Road salt. Tar. Dust. Soap. Copper (from brake pads). Zinc (from tires). Residue from exhaust fumes, gasoline, and motor oils. Suds up your car in the driveway, and that’s what you’re sending down the storm drain and into area wetlands, streams, and lakes. Not to mention the 80 to 140 gallons of water you’ll use to spray off the grime.
So what’s an ecofriendly Northwesterner to do if you don’t want to ride around looking like you just competed in a mud rally?
Go commercial! Whether automated or DIY, commercial washes use about half the water of a driveway wash. And by law, commercial car washes must recycle their water or ensure it drains to a sewer system (so it gets treated before it’s released back into the environment).
Still, if you’d rather pass on the commercial wash price, try these five tricks for a home shine that will leave your car and the environment sparkling:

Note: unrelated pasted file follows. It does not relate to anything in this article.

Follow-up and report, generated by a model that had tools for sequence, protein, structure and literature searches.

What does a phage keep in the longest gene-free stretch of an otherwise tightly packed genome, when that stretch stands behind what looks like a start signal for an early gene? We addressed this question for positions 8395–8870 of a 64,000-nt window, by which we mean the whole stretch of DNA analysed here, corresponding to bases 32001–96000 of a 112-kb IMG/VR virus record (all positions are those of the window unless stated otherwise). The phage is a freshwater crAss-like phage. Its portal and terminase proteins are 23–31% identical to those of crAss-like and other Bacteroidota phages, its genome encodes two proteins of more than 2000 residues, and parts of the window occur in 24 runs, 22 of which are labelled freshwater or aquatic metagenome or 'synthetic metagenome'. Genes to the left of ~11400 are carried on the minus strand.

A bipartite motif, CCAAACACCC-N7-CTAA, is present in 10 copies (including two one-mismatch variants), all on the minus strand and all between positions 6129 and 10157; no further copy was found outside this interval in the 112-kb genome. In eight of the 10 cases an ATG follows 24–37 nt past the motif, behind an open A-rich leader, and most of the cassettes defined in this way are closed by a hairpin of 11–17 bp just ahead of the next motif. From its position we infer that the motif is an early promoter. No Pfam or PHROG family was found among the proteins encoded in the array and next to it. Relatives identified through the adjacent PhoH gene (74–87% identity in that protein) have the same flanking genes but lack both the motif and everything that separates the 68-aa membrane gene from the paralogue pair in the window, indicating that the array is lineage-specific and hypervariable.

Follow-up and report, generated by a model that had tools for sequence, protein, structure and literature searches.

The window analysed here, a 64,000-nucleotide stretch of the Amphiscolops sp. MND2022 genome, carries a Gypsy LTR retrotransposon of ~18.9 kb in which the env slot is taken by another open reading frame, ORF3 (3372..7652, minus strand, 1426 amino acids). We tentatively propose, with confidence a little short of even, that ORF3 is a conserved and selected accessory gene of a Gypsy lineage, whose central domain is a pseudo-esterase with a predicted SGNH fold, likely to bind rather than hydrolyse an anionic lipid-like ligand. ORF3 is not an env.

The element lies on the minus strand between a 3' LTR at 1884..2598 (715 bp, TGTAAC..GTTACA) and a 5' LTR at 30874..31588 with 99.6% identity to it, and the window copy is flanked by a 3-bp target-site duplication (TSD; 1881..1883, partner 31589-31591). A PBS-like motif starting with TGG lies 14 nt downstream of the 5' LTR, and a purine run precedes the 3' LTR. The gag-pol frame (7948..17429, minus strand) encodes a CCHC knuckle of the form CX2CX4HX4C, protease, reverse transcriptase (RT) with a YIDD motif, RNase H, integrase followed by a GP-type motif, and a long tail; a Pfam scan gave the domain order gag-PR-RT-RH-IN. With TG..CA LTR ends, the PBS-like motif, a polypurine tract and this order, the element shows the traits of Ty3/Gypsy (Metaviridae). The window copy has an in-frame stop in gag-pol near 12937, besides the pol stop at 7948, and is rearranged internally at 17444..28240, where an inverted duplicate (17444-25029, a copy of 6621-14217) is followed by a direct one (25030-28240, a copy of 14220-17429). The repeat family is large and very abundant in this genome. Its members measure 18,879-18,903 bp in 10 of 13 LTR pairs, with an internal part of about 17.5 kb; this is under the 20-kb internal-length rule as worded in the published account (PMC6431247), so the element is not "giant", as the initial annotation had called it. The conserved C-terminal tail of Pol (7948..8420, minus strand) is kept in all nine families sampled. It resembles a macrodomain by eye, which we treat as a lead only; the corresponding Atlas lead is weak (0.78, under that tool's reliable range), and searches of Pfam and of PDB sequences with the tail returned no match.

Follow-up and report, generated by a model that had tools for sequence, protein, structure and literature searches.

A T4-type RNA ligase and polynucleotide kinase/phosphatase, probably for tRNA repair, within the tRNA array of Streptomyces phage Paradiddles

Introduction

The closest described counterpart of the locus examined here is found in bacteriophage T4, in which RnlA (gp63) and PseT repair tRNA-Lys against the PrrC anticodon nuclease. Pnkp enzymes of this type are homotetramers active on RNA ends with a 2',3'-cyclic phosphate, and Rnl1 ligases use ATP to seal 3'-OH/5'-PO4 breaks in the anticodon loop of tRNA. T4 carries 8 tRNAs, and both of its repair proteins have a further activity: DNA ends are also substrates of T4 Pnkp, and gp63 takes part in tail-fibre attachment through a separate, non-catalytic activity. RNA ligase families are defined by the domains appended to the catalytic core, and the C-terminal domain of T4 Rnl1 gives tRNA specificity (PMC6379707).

Wash on grass, not pavement. As water soaks into the soil, it’s naturally filtered so soap and debris particles don’t drain directly to waterways.
Use a flow-restricted nozzle that shuts off between sprays. A constantly running hose makes the water meter spin!
Go easy on the soap. Even green products aren’t totally toxin-free, so the less you use, the better. A couple of tablespoons of dish soap in your wash bucket plus a shot of vinegar (to prevent water spots) is all you need.
Go waterless. If your car isn’t super grubby, you may be able to get by with a spray-on, wipe-off waterless product made just for washing the car. An added bonus – you can do it right in your garage, no matter the weather. (Test it on a small, inconspicuous spot first. If you see even a hint of scratching as you wipe, stop.)
Empty your bucket of dirty water into the sink or toilet. That way, the contaminants it contains go to a wastewater plant for treatment.